Daily Mail pool balls

By the time I’d contemplated all of this, my ears had cleared – maybe I was just acclimatising to the higher altitude of my destination.

I arrived at the estate through a back entrance.  It was another remarkable arrival, in that you approach through some fairly unremarkable urban sprawl and then ‘suddenly’ you turn a corner and are in amongst extraordinary greenery.  It was a very impressive approach.  Also, a slightly perplexing one, as the way I came in wasn’t all that clearly signed, and there was a random one-way/roundabout thing slightly off set that really confused me.  Then again, it doesn’t take much.  I found the car park nearest the house, fine, but then stared in confusion at the notice board.  I couldn’t fathom what or how to pay.  There was a charge for the car park, but the machine was out of order, and I knew I might not have to pay until after 10.00. but the charge seemed to be for the day not per hour.  Ooh, the dilemma!  Fortunately, at that point a parkrun hero appeared and told me it was fine before 10.00 and yes, this was the right place to park and he waved me towards the house where I’d find the start.  Phew, crisis averted, I parked up, after just one short circuit of the car park trying to secure the perfect parking spot.  There seemed to be loads of parking, certainly at that time anyway.

The car park was actually in amongst trees and in a bit of a dip, so when I walked up and in the direction of the house I was in for a treat.  This is a really spectacular setting.  It’s not wild and glorious like say Lyme park parkrun, but it is stunning.  You feel like you are walking through the set of a period drama feature film indeed you probably are, this venue must have been used for a squillion of film locations over the years.  Whether you presume yourself to be from upstairs or downstairs within the house probably depends on you current levels of self-esteem.  Can’t fail to appreciate it either way, surely?  Not that you should appreciate and accept the crushing inequalities of an antiquated class system of course, only that it really is a very nice view indeed, that’s what I’m encouraging you to appreciate.   It helped that the sun was shining and the  vesta beyond verdant following the much needed rain of the past couple of days.  However, it has a ‘wow’ factor for sure.  There’s Temple Newsam House itself, which was extraordinary.   The museum website tells us:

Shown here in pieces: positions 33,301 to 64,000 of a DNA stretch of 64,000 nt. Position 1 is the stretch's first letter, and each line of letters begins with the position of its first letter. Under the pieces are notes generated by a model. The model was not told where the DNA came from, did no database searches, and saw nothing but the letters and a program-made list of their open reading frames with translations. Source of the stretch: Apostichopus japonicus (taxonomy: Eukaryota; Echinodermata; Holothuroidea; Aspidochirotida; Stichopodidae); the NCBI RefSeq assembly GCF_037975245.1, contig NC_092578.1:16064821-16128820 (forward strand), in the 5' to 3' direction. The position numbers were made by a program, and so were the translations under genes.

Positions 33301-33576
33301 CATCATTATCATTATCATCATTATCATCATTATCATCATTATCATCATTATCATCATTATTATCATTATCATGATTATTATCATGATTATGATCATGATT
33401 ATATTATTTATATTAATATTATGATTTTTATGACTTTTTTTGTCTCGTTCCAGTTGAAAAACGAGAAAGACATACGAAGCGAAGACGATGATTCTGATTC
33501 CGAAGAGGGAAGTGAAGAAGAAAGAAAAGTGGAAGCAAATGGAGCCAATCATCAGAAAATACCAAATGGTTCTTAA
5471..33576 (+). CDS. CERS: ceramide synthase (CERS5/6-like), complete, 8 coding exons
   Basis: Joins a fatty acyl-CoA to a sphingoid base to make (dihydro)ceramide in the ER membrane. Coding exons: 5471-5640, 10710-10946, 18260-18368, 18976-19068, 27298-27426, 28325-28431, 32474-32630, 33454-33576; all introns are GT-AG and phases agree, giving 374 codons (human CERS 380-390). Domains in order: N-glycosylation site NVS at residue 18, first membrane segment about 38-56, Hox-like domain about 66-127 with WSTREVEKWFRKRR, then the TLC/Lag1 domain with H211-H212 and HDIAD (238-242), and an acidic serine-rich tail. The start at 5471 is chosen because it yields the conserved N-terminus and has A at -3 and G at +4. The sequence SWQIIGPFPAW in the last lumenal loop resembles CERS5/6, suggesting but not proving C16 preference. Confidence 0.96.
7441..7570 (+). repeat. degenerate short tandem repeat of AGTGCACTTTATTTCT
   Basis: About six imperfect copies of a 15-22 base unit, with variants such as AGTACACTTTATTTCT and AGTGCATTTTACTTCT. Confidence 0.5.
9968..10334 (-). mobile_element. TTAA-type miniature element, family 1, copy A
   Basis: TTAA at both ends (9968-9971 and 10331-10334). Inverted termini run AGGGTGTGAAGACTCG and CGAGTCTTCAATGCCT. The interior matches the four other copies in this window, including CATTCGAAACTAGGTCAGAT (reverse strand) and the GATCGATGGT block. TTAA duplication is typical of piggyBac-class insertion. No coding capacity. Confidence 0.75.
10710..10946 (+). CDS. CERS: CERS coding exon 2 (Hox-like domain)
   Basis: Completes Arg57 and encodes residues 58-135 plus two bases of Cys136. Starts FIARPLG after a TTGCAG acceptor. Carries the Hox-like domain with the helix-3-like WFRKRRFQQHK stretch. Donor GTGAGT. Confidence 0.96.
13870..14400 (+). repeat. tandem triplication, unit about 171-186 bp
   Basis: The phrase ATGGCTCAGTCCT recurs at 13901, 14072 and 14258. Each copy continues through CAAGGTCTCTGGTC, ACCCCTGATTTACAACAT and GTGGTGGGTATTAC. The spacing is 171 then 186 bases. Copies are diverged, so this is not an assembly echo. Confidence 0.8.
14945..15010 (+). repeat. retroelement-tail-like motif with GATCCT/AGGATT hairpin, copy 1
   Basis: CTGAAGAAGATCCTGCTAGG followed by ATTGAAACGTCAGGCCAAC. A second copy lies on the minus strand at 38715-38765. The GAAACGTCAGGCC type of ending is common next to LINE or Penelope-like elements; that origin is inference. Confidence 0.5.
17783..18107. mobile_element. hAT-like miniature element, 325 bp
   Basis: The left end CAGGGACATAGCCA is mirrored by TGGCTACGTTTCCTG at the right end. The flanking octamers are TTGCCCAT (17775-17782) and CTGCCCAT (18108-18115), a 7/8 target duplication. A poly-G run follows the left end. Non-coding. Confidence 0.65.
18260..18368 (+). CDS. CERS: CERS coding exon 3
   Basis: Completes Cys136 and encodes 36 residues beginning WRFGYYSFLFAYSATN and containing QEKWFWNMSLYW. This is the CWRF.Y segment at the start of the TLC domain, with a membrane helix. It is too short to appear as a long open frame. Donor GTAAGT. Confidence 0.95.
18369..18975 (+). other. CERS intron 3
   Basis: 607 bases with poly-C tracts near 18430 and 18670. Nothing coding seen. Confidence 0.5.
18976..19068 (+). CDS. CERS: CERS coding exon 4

Built in 1518, Temple Newsam House is a Tudor-Jacobean country mansion with grounds landscaped by Capability Brown. Following extensive restoration over 40 interiors now display one of the most important collections of fine and decorative arts in Britain which were designated as being of pre-eminent importance in 1997 – the first country house to be recognised in this way. It is a treasure house of outstanding collections including furniture, ceramics, textiles, silver and wallpaper. The collections also show how the house was used as a family home, which was once birthplace to Lord Darnley, notorious husband of Mary Queen of Scots.

Try not to confuse Capability Brown with Calamity Jane, though it’s easy to do, the syllable patterns of the two names just screaming inside your head to be transposed with one another…. Just from the outside you can see it’s not only enormous, but no expense spared.  Huge doorways, and wording all along the parapet of the mansion.  Whether or not it might be to your taste, you can’t not be impressed by it.